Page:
False Claims Act

Our attorneys have helped whistleblowers report more than $2 billion in fraud to the U.S. Government.  Here are a few of the areas where lawsuits are being filed under the False Claims Act:

Health Care Fraud

Mortgage Fraud

Government Contracts and Defense Spending

Small & Minority Owned Business Incentives Fraud

Customs Fraud

And More ...

Contact

Eric Young

Jim McEldrew

Brandon Lauria

Our Track Record of Success

Qui tam lawsuits brought by McEldrew Young attorneys have returned more than $2 billion to federal and state governments and were hard fought against numerous Fortune 500 companies, in addition to smaller fraudsters who broke the law just the same. All in all, in addition to ensuring that our clients were vindicated and protected, we have also secured more than $50 million in whistleblower rewards for our clients.

Pfizer Medicare and Medicaid Fraud
One such case involved Pfizer, Inc., in which McEldrew Young’s Eric L. Young, served as co-counsel for 2 of the whistleblowers — the case resolved for $2.3 Billion. In that case, Pfizer agreed to plead guilty to criminal conduct in addition to the payment of both criminal and civil fines, penalties and damages after being faced with the substantial evidence presented by and through the whistleblowers and their attorneys which established that the pharmaceutical giant defrauded Medicare, Medicaid and other government-funded health care programs in connection with its market practices for four of its drugs.

Cephalon Medicaid Fraud

Eric L.Young, also served as co-counsel on behalf of Lucia Paccione, a former Cephalon sales representative who filed a qui tam complaint reporting America’s largest biotechnology Medicaid fraud case. The case involved unlawful off-label marketing by Cephalon of drugs including Gabitril, Actiq, and Provigil. On September 29, 2008, it was announced that Ms. Paccione’s qui tam complaint led to the federal and numerous state governments’ recovery of $425 Million in a Civil Settlement.

Denver Health & Hospital Authority

In January 2012, Denver Health and Hospital Authority (“DHHA”) agreed to pay $6.3 million to settle allegations that the DHHA submitted false claims to Medicare and Medicaid by improperly submitting claims for short hospital stays as though they were “inpatient” stays when they should have been billed as less expensive “outpatient” or “observation” stays.  The relator was represented by McEldrew Young attorneys.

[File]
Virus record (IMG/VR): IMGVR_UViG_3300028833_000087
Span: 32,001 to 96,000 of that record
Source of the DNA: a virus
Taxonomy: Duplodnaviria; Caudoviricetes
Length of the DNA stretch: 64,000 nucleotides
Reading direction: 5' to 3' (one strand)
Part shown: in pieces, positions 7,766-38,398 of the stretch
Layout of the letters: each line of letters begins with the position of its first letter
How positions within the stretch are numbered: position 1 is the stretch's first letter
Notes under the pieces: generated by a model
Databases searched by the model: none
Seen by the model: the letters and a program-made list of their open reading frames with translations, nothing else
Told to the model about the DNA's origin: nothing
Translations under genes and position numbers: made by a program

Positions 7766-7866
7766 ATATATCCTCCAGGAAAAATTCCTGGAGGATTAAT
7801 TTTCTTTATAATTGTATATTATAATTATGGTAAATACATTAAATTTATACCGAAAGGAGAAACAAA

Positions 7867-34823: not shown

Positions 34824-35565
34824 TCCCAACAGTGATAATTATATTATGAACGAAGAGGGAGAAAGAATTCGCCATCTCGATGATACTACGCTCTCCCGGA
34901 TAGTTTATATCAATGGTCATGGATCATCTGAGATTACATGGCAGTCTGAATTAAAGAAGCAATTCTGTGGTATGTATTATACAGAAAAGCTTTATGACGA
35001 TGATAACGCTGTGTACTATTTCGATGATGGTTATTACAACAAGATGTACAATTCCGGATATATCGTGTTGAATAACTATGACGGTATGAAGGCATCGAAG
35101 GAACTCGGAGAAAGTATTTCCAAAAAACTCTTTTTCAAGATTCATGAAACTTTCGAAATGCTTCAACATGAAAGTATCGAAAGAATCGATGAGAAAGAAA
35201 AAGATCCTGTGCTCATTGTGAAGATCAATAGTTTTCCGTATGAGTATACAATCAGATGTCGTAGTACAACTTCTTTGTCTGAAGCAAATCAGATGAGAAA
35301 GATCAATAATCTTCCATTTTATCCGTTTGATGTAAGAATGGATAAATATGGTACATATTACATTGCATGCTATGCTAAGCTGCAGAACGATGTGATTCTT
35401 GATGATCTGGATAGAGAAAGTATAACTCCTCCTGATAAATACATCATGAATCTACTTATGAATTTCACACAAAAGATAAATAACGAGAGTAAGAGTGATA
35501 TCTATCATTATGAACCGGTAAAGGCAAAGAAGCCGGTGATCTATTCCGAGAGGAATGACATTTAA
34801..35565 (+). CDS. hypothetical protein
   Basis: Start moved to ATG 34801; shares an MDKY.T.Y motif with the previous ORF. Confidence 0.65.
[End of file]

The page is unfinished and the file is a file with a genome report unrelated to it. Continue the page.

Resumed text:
Active, Unsealed Litigation

We can’t talk about our cases that are still under seal. Here are a few that we are presently litigating:

Novartis Cardiovascular Drugs
Novartis is accused of paying doctors to attend and lecture at sham speaker programs held by its cardiovascular division.  The United States Government and New York State have intervened in the lawsuit and are proceeding against Novartis based on the allegations it violated the Anti-Kickback Statute.

Pfizer Vfend
Our qui tam lawsuit accuses Pfizer of paying illegal kickbacks to doctors and engaging in off label marketing of Vfend.

The U.S. Government has paid more than $4 billion to whistleblowers under the False Claims Act since 1986.

The Federal False Claims Act authorizes individuals to bring a cause of action on behalf of the government to recover money lost due to fraud or other misconduct.  Whistleblower lawsuits help our government recover billions every year.  The government rewards successful whistleblowers for bringing fraud to their attention.  In Fiscal Year 2013, whistleblowers across the nation were awarded more than $300 million as a result of their qui tam lawsuits.

Amount of Payments to Whistleblowers Each Year (in Millions)

  • Total paid to relators under the Federal False Claims Act in the Fiscal Year

Cases Typically Involve:

Health Care Fraud – The health care industry is currently the largest source of government fraud litigated under the False Claims Act.  When companies improperly seek reimbursement from Medicare, Medicaid and other government health benefits programs, it will create liability if they do so knowingly or fail to report errors they discover.

Defense Industry Fraud – The second largest source of False Claims Act claims is generally the defense industry.  The military purchases equipment and services from a variety of businesses.  When a company in the defense industry makes misrepresentations or submits fraudulent bills, it becomes liable to the Federal Government under the False Claims Act.

Mortgage Fraud – Financial institutions have been subject to government investigations and liability recently under the False Claims Act for fraud committed against federal housing programs.

Small and Disadvantaged Businesses – The U.S. Government gives incentives to small businesses and disadvantaged business owners on government contracts.  Fraudulent statements on the application or certification create liability.

Davis Bacon Act – Federal contractors covered by the law violate the law when they do not pay prevailing wages or submit fraudulent wage statements to the government.

Customs Fraud – Misrepresentations on customs declarations regarding the value of imports or the origin of goods that lead to underpayments of duties create liability.

The Federal False Claims Act Process